Camouflage-clothing maker Mossy Oak introduces a revolutionary
high-protein food plot forage-developed by greenthumb deer researchers
in New Zealand-to American hunters
For more than a decade, the makers of Mossy Oak camouflage have helped legions of hunters hide from game. Now the company wants to help build healthier stocks of game for hunters to hide from.
Under a just-announced division called "Biologic," the West Point, Miss., firm is marketing three food plot seed blends developed exclusively for quickly putting weight-and antlers-on deer.
"We see a big need for scientifically proven-and totally substantiated-wildlife products, whether it be seed, feed or other products that go with enhancing wildlife," says Mossy Oak President and founder Toxey Haas, an avid, lifelong deer and turkey hunter and a frequent visitor to the Lone Star State.
According to Haas, the new food plot blends are like nothing hunters-or American whitetails-have ever before seen.
When planted and fertilized in the right type of soil, in areas that receive adequate rainfall, the seeds send up shoots of calcium- and phosphorous-containing forage that is protein-enriched and exceptionally palatable to whitetails. Emphasizes Haas, "All of the other seeds on the market used by hunters to grow food plots were developed for feeding cattle-not deer."
In many parts of Texas and throughout the South, hunters commonly plant "food plots" of oats, wheat, ryegrass, clover and other green vegetation to draw deer where they want them. In states where "baiting" whitetails is illegal (which includes scattering corn with battery-powered feeders), growing food plots isn't.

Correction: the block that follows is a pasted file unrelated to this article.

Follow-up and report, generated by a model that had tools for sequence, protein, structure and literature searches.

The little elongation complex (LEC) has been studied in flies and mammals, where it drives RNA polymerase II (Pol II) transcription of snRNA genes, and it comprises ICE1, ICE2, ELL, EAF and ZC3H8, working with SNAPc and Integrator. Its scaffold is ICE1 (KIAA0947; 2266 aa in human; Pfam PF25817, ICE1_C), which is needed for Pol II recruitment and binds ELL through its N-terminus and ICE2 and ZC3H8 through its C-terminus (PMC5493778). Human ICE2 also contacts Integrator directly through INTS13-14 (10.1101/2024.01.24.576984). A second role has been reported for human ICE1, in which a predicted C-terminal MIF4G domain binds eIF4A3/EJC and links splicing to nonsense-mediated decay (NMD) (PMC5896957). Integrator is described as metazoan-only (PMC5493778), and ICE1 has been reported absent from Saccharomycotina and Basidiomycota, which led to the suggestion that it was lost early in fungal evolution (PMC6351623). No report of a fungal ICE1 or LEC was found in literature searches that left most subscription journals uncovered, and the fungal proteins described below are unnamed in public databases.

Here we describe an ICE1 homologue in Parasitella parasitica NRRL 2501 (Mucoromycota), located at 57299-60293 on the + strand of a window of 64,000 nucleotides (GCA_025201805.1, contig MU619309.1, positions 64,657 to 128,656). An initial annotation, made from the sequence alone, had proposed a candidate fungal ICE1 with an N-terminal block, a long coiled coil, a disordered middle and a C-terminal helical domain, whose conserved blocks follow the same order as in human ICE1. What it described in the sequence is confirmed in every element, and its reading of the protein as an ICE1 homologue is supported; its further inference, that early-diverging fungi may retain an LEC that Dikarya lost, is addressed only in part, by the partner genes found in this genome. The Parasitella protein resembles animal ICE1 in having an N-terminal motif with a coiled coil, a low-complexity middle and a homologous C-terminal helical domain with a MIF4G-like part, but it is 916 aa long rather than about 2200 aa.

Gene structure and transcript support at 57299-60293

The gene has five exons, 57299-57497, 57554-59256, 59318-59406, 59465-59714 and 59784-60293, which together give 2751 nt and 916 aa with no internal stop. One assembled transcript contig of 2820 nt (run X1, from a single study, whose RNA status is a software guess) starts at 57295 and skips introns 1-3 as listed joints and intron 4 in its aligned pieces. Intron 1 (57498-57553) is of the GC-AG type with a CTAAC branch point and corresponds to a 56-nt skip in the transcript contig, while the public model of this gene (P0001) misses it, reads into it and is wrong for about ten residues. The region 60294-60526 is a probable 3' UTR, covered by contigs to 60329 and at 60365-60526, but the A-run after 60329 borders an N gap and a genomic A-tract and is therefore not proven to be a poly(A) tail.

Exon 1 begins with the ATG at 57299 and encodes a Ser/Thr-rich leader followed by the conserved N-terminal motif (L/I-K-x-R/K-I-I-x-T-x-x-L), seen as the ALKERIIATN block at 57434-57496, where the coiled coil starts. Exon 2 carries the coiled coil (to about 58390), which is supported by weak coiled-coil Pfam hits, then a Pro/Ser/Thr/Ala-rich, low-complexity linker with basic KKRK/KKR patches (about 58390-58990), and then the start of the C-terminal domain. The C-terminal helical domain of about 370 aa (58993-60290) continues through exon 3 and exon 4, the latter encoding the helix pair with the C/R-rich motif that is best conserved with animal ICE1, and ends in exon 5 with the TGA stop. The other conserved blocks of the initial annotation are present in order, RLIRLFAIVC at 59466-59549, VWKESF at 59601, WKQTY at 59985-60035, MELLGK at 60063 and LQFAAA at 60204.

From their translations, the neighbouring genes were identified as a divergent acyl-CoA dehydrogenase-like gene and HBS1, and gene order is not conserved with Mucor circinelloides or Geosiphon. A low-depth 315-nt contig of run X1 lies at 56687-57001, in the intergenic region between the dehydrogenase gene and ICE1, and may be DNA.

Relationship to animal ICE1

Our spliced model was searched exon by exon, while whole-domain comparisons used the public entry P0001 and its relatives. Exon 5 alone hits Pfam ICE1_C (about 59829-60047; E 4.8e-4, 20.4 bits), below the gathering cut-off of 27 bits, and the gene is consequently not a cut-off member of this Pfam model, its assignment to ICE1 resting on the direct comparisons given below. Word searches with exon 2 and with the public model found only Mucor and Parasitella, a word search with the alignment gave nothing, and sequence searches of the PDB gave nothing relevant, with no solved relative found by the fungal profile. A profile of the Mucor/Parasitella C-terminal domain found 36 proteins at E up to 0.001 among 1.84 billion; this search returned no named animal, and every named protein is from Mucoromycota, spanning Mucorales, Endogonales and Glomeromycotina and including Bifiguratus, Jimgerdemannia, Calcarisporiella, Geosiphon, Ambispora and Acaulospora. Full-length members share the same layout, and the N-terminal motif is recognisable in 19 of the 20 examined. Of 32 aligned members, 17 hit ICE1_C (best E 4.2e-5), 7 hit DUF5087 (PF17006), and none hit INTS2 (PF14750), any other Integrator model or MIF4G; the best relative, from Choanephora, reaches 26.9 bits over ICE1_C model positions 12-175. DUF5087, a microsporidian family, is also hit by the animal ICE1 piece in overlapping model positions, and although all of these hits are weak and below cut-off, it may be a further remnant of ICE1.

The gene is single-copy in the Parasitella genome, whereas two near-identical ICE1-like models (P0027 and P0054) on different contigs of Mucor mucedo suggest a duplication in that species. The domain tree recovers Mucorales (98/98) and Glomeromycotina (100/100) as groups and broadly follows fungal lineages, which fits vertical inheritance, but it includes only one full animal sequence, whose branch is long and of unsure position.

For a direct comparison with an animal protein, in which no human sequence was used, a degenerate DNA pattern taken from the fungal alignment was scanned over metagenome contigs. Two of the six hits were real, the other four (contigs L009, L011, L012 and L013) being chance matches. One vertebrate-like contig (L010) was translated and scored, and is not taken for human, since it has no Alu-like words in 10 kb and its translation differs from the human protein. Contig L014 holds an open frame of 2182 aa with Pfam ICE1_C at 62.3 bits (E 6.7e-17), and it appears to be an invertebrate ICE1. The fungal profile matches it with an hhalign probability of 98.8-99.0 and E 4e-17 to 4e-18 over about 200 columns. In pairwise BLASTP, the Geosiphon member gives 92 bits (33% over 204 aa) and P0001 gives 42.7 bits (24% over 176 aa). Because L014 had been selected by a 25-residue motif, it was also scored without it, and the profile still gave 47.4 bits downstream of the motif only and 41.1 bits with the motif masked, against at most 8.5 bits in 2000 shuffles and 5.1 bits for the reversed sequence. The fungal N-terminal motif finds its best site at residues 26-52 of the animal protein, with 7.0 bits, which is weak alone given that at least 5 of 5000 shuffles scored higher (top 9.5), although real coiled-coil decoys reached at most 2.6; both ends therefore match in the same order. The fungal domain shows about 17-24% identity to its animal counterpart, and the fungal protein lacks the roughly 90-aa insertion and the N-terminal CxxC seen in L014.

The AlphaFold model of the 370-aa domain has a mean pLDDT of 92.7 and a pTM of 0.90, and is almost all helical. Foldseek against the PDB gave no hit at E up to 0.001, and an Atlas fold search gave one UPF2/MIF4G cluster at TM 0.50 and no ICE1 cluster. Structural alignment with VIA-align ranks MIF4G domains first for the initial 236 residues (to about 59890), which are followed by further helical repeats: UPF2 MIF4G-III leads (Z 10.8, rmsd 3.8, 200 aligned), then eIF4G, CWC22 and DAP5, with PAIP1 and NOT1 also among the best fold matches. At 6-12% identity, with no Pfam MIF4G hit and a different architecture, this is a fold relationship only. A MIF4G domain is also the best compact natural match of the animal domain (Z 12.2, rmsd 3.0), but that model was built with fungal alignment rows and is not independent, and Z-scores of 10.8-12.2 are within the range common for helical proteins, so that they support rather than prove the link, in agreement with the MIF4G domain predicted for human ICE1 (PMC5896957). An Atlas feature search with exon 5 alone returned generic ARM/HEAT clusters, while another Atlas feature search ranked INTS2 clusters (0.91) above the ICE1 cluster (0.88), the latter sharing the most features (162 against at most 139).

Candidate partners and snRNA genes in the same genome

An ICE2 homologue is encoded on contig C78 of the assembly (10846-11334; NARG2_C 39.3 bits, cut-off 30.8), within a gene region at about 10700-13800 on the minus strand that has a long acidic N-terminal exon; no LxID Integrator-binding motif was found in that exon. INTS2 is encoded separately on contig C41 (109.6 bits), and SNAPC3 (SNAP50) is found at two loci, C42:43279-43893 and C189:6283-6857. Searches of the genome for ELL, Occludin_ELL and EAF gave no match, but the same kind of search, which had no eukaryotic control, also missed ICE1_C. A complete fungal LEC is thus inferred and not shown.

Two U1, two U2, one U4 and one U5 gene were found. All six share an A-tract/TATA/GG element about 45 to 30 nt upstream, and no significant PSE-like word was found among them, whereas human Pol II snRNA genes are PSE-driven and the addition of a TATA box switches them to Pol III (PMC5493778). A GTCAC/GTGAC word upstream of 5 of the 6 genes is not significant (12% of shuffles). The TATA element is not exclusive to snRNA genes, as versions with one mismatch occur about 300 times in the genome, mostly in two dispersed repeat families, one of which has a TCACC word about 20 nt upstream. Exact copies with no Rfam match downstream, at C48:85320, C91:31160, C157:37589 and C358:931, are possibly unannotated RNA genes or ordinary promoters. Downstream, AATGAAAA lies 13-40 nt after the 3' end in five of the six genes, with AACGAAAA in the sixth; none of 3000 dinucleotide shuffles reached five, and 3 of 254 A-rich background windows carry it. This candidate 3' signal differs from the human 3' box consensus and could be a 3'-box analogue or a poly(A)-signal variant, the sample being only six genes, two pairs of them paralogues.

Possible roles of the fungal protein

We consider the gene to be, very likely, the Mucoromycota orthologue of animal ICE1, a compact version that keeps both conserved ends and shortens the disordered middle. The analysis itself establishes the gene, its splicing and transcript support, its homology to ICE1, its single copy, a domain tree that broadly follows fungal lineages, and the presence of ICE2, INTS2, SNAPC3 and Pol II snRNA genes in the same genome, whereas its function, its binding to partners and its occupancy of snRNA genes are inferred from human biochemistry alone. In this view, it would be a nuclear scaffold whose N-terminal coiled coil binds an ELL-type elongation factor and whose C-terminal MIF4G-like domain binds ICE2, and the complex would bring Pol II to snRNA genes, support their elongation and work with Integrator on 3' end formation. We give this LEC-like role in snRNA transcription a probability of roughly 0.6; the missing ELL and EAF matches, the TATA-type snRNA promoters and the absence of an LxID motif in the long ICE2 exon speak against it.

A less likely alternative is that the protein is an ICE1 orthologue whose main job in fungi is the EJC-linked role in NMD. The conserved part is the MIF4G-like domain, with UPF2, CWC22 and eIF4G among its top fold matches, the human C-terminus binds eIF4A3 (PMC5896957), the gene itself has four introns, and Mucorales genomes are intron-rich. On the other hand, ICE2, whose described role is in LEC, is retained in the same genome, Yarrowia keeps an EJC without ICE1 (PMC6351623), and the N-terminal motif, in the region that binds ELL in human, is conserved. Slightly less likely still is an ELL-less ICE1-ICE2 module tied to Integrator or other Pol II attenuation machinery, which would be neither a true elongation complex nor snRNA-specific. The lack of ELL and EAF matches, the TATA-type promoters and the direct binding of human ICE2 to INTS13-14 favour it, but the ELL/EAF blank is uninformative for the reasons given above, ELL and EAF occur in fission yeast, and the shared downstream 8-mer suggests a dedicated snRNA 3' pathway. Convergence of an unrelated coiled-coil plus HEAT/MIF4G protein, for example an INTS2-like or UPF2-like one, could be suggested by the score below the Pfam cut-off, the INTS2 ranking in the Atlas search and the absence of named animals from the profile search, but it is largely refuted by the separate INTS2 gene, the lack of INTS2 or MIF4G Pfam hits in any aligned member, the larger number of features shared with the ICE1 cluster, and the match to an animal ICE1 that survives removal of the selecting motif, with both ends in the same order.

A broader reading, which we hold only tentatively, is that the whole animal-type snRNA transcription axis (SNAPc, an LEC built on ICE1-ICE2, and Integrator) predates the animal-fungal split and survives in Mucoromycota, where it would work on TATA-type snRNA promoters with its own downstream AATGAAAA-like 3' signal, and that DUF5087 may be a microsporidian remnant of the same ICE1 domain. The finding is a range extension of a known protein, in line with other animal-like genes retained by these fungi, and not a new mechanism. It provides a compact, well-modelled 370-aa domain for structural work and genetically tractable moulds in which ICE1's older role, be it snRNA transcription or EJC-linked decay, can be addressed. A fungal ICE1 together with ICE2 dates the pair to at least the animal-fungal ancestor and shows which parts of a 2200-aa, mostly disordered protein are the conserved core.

Food plots furnish thousands of pounds of protein, phosphorus and calcium that would be too expensive and impractical to supply to deer herds in any other way.
Though deer are drawn to food plots year-round, they are especially attracted to them in late winter, when mast and many other types of natural forage become overbrowsed and scarce.
For bucks to attain trophy sizes, they basically need two things: plenty of time to age, and the right type of nutrition. That means allowing immature deer to walk, and supplementing their diets with protein- and mineral-rich foods in areas where they don't receive it naturally-in the Texas Hill Country, for example.
No longer is genetics thought to be a significant part of the trophy whitetail puzzle. Regularly feed a scrawny spike buck the right types of foods, and in time, he too, can develop into a quality animal.
Many Texas hunters dole out corn to deer to draw them to their gun sights during the hunting season. Corn is like candy to whitetails, but it provides them with very little protein (about 7 percent by weight) and almost none of the minerals necessary for antler development.
New to the United States, the Biologic forage was hybridized in New Zealand for rapidly putting mass on deer raised for the commercial market. New Zealand exports over 90 percent of the world's supply of venison-mostly to Europe, where there's a huge demand for the ultra-lean meat. Europeans consume much more venison than do Americans.
New Zealand also supplies most of Asia's large-scale demand for velvet antlers, which, when dried, are used in a litany of medicinal potions in that part of the world.
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